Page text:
A study in 1982–1985 in a canal between farmland and desert in Arizona, USA (Rautenstrauch & Krausman 1989) found that ramps and ladders reduced mule deer Odocoileus emionus drownings. Of at least 282 times that deer fell into the canal over a 40-month period, three deer drowned, 116 escaped via steps, 79 via ramps and eight via metal ladders. A further 50 escaped without using structures and 10 were pulled out alive. Exit points of 16 deer were not determined. Over two previous years, before escape routes were improved, 18 deer drowned on the same canal section. A 15-km-long canal section, 5.5–10 m wide was studied. There were six dams, five with existing escape stairs. In 1980–1981, three escape ramps (3 m wide, at 25° to the direction of water flow with a 25% slope) were added. There was also one 1.3-m-wide iron ladder and seven reinforcement-bar ladders (date of installation not stated). Wire cables (3 cm diameter) across the water surface, directed trapped deer toward each escape structure. Deer were monitored and reported by canal workers and by monitoring tracks at 1–3 day intervals in June 1982 to September 1985 (total 478 visits). Drownings in 1979–1980 were logged by canal staff.Study and other actions tested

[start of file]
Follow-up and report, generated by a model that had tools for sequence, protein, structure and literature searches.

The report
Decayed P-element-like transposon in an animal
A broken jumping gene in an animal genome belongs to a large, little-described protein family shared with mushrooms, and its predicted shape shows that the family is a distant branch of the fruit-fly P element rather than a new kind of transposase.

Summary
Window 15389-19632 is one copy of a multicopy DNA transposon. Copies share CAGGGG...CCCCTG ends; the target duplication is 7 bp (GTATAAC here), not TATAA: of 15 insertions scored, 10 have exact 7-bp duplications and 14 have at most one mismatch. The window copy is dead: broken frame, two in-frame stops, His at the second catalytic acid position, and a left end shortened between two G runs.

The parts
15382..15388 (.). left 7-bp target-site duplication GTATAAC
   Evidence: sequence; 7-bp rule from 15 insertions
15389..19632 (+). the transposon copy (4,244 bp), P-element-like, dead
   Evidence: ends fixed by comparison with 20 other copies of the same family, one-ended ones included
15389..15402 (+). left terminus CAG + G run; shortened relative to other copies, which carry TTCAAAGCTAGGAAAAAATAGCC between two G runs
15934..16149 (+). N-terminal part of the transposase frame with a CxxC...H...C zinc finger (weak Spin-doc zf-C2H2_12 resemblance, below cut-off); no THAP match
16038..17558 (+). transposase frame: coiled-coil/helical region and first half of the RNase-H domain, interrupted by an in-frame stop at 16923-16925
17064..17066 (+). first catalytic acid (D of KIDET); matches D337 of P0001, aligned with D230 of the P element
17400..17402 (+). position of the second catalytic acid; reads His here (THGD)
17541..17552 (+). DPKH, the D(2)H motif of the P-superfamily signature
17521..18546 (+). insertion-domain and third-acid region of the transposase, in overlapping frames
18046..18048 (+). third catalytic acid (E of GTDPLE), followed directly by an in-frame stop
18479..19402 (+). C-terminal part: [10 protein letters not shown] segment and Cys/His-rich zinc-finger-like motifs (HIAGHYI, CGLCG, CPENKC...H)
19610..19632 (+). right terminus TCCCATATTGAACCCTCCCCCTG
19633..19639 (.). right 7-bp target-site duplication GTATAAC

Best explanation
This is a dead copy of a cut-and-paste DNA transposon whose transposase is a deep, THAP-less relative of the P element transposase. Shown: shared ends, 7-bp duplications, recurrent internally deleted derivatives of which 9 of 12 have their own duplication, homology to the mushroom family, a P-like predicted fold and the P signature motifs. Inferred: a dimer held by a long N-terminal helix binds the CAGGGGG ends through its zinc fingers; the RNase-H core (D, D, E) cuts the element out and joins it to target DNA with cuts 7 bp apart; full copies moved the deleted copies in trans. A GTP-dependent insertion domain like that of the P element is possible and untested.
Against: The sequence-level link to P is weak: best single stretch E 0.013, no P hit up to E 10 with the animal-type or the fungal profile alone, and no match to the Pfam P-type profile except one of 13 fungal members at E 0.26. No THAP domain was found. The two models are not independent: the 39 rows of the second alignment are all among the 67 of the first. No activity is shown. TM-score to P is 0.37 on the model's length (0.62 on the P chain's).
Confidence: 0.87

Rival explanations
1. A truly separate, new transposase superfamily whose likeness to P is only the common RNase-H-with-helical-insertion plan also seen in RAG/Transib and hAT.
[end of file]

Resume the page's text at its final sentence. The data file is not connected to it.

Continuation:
A study in 2002–2005 in two wetland areas in the Netherlands (Lammertsma et al. 2006) found that providing mammals with escape or access routes from and into canals resulted in their use by Eurasian otters Lutra lutra. In 2002–2005, twenty-four animals, comprising a mix of wild-caught and captive-bred individuals, were released at two sites. In one of the areas, modifications to canal banks were made to aid entry and exit by otters to and from the water. Use of exits from canals was monitored by direct observation, observation of tracks in the snow, and identification of otter faeces.Study and other actions tested
A replicated study in 2012–2015 of two irrigation canals in Jujuy, Argentina (Albanesi et al. 2016) found that at least three mammal species used escape ramps to exit from waterways. Two tapirs Tapirus terrestris, one collared peccary Pecari tajacu and one red brocket Mazama americana were recorded exiting water via ramps. Thirteen additional mammal species were detected on escape ramps though it is unclear if they used these to exit from water. Two irrigation canals were studied, one crossing a forest reserve and the other crossing sugar cane and citrus plantations. In 2012–2013, fifteen 3-m-wide escape routes with 20-cm-high steps were constructed. Escape routes were 0.15–1.8 km apart. Monitoring was conducted using camera traps set in October 2012, May 2013, March 2014 and December 2015. Camera traps were 2–3 m from escape routes and were set to take one photo every 5 minutes for approximately 40 days.Study and other actions tested